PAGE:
‘Emancipate yourself from mental slavery’ is a famous phrase by Marcus Garvey used in the Jamaican space, particularly during the independence season, but are we really working to emancipate ourselves and truly free our minds? Are we open-minded to change or close-minded to stagnation? As Jamaicans, how independent is our mindset? Can this be taught or innate?
Former University Director of the Institute for Gender and Development Studies (IDGS), Cultural Activist and Writer, Professor Opal Palmer Adisa and Social Development Practitioner and Founder of Nexxstepp shares their viewpoint on the importance of an independent mindset within the context of being open or closed-minded. Watch the full discussion here:
An open-minded individual tends to be curious about why there is disagreement or a different perspective. They understand that there is always the possibility that they might be wrong and it is good to consider the other person’s views. Open-minded people see disagreement as a thoughtful means to expand their knowledge. They do not get angry or upset at questions rather, they want to identify where the disagreement lies so they can correct their misperceptions.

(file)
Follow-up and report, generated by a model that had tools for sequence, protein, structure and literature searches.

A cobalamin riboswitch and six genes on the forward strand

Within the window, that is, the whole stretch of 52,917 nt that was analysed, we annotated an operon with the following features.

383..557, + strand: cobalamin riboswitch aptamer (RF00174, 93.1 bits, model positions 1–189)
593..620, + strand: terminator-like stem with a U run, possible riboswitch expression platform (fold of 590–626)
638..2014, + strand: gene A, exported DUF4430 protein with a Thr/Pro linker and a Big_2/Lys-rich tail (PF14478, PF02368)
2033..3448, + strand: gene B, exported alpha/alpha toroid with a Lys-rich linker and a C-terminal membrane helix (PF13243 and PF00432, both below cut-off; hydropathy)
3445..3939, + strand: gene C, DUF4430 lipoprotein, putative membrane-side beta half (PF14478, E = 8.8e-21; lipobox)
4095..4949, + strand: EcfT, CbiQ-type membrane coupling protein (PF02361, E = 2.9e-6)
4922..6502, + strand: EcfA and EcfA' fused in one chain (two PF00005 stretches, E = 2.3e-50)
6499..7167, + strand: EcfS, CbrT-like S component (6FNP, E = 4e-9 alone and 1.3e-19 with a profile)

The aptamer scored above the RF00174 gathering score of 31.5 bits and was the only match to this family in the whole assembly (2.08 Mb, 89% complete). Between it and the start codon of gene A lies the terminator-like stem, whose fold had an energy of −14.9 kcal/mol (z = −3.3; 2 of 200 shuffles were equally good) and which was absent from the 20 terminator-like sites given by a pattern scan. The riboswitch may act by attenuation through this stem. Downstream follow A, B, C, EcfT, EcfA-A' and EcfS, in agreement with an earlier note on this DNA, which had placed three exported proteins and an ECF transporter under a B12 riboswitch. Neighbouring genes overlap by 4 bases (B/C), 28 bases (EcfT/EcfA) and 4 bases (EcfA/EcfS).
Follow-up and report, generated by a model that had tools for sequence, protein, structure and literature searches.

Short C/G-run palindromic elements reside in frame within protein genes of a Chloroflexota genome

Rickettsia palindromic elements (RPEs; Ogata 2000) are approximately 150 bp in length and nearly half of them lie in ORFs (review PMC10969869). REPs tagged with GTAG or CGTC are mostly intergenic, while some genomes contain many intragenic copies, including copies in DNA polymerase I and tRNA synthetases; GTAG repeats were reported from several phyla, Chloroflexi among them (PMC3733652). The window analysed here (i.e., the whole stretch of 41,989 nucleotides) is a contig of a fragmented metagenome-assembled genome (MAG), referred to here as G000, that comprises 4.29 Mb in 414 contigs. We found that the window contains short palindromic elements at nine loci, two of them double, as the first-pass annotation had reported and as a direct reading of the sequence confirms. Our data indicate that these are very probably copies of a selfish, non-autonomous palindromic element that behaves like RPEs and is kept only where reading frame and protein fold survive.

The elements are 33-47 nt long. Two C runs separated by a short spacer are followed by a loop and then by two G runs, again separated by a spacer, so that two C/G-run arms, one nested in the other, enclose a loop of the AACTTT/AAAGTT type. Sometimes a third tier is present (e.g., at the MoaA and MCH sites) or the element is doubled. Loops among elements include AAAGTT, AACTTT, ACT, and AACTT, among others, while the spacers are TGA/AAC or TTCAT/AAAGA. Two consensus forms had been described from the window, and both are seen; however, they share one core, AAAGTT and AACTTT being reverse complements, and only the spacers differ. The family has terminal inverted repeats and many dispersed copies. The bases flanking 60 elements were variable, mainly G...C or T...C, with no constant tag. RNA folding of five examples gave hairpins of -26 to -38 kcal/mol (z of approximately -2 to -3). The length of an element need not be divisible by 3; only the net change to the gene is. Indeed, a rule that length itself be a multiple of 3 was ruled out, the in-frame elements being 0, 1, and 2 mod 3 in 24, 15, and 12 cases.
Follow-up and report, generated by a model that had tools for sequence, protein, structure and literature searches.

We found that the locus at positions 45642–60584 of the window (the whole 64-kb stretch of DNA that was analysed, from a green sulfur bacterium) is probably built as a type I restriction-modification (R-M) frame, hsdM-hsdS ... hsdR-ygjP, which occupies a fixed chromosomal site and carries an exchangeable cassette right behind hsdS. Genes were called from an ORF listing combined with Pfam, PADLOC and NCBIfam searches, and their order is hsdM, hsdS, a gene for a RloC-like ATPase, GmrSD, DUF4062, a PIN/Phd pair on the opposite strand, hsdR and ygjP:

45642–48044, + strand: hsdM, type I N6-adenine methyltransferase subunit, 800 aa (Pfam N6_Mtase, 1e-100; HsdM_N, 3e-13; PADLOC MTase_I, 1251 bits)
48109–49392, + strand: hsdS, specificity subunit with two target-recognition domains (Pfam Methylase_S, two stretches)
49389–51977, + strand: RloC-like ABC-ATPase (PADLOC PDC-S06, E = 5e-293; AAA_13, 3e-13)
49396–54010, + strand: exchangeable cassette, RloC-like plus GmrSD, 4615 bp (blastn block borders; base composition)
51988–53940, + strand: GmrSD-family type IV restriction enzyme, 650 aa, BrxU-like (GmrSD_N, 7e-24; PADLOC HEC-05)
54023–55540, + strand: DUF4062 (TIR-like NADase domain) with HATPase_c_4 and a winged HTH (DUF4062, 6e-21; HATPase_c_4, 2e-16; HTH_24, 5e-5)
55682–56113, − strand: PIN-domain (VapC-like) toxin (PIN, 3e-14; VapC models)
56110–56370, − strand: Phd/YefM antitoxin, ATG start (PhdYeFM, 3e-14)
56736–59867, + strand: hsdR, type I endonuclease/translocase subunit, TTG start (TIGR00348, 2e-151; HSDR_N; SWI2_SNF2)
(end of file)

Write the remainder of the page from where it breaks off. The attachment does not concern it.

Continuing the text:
Closed-minded individuals typically do not want their ideas challenged. They are usually frustrated that they cannot get their way, instead of being curious as to why the other person disagrees. Closed-minded individuals are more interested in proving themselves right than getting the best outcome. They do not ask questions. They want to show you where you are wrong without understanding another person’s point of view. Oftentimes they get angry when you ask them to explain something. Nobody wants to admit to themselves that they are closed-minded. However, the ability to change one’s mind is a superpower.